7: Pa de Pages. The Catalan take on great white bread. Fluffier than Italian breads but still robust and full of flavour. For those seeking uses as a vehicle, the classic of course is pa amb tomaquet. Good with ham too. Or most other things come to think of it. I still prefer just eating it directly.
8: Lavash. The typical bread of Iran. Take something about halfway between a pitta and a naan bread, and make it in big, rectangular pieces, and you've got the idea. Ideally accompanies kebabs too. Should be tried grilled.
9: Baguette. The only real limitation is that they must be had in France and nowhere else - it seems no other country can replicate them. I think there are 3 main reasons for this: 1) Freshness. Almost all boulangeries turn out baguettes continually throughout the day. 2) French flour. That unique medium-protein variety is difficult to replicate anywhere else. 3) Purity of recipe. French law doesn't even *allow* tinkering with the ingredients, much less encourage such tinkering.
10: Corn tortillas. Regrettably almost impossible to find in almost any quality in the UK. But when I visit the USA I wolf them down. I might be one of the few people alive to love tortillas absolutely plain. Steamed corn tortillas, stacked on top of each other, and then cut into cake-like slices, are addictive to me.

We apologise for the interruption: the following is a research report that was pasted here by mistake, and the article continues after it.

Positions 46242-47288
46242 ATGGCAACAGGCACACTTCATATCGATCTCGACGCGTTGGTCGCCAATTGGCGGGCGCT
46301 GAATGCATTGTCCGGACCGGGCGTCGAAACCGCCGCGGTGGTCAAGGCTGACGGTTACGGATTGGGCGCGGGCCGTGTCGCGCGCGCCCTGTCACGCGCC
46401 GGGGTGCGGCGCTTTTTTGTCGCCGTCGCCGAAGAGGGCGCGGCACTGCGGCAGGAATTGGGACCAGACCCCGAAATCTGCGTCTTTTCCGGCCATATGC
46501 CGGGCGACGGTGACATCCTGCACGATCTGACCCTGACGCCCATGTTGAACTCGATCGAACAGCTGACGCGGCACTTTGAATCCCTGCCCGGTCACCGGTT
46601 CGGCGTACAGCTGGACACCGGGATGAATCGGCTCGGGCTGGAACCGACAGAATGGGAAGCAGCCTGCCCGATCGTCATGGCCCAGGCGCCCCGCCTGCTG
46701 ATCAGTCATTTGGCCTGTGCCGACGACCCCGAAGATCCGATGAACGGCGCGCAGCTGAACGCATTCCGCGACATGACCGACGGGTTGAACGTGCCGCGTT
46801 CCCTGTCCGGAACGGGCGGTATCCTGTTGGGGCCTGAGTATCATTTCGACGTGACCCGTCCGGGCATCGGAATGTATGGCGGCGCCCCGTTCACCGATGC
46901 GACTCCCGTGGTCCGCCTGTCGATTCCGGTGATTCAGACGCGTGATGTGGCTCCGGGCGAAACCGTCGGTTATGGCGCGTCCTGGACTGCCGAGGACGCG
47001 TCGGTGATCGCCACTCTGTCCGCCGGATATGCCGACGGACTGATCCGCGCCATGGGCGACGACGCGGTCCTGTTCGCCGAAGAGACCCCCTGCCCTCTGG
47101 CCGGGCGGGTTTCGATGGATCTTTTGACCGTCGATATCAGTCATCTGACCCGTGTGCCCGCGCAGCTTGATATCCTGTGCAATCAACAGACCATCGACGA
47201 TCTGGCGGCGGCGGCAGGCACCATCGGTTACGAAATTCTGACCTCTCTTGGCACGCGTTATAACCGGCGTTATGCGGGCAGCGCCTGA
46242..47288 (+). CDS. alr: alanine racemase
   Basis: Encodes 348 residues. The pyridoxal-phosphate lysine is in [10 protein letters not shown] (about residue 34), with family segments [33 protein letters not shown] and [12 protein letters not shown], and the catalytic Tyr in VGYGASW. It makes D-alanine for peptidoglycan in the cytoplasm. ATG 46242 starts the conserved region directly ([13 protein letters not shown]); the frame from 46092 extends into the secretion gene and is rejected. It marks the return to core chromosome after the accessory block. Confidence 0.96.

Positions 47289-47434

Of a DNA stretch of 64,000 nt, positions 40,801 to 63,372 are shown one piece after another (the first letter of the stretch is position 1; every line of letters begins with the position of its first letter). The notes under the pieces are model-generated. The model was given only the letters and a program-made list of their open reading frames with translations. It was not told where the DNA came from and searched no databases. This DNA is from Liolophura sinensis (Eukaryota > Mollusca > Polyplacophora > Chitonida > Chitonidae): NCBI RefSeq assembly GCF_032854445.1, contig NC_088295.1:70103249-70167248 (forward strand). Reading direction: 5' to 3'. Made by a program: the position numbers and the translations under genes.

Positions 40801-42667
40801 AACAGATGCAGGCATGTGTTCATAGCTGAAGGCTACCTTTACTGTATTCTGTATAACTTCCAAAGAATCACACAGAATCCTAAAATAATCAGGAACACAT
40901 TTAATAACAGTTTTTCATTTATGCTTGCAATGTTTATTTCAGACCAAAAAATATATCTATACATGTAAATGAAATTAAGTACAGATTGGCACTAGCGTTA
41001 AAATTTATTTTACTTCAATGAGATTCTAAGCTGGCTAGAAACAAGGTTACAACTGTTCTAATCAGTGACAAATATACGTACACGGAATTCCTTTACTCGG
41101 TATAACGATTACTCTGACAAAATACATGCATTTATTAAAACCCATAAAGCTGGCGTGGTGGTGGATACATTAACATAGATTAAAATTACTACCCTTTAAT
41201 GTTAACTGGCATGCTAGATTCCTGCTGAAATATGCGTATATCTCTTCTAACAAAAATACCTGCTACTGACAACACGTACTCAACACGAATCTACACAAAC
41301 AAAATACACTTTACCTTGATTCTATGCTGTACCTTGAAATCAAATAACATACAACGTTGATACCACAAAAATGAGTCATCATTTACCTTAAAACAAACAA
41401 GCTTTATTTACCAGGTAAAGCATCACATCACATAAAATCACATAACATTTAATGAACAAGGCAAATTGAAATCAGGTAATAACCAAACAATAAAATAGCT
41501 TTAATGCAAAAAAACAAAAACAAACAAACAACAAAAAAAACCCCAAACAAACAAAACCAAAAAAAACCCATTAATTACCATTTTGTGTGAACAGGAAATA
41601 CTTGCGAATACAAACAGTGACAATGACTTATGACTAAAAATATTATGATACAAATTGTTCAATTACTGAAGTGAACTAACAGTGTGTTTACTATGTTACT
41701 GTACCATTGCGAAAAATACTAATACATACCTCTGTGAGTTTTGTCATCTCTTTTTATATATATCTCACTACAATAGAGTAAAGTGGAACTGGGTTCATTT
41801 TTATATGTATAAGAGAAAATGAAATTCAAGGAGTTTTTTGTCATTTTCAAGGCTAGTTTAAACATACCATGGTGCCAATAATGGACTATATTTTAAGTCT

Your list looks better than mine, especially since it also includes some rather obscure types and some trivia about French bread I never knew. I completely forgot Potato Bread. Oh, and Moravian sugar bread.
There is one heavily underrated bread I'd really, really like to try: It is Maltese in origin, and is known as Ħobż (pronounced CHOHBZ, sort of like Calvin's accomplice from the comic strip Calvin and Hobbes, but with a hack at the beginning.) Apparently it is commonly served with what looks like a salade niçoise on top of it minus the lettuce:
I'm responding before reading others' response.
My favorite bread is home made Italian (seeded) O.M.G.
Next is San Francisco Sourdough.
Then we have the whole wheat, pumpernickel, rye group.
Pitas and tortillas, both excellent.
I don't care for biscuits or cornbread at all. You can have mine.
Whoops, forgot kulich. While the rest of the world is indulging in chocolate eggs and jellybeans on Easter, the Russian Orthodox are baking their ubiquitous cake-like yeast-risen bread for Pascha (the Orthodox equivalent of Easter). Definitely a stand-alone bread. I have a recipe in my old Southern Living cookbook, which thankfully is available online.
I'd think of kulich as a cake rather than a bread; it's yeasted, yes, but the intended flavour and texture is that of cake.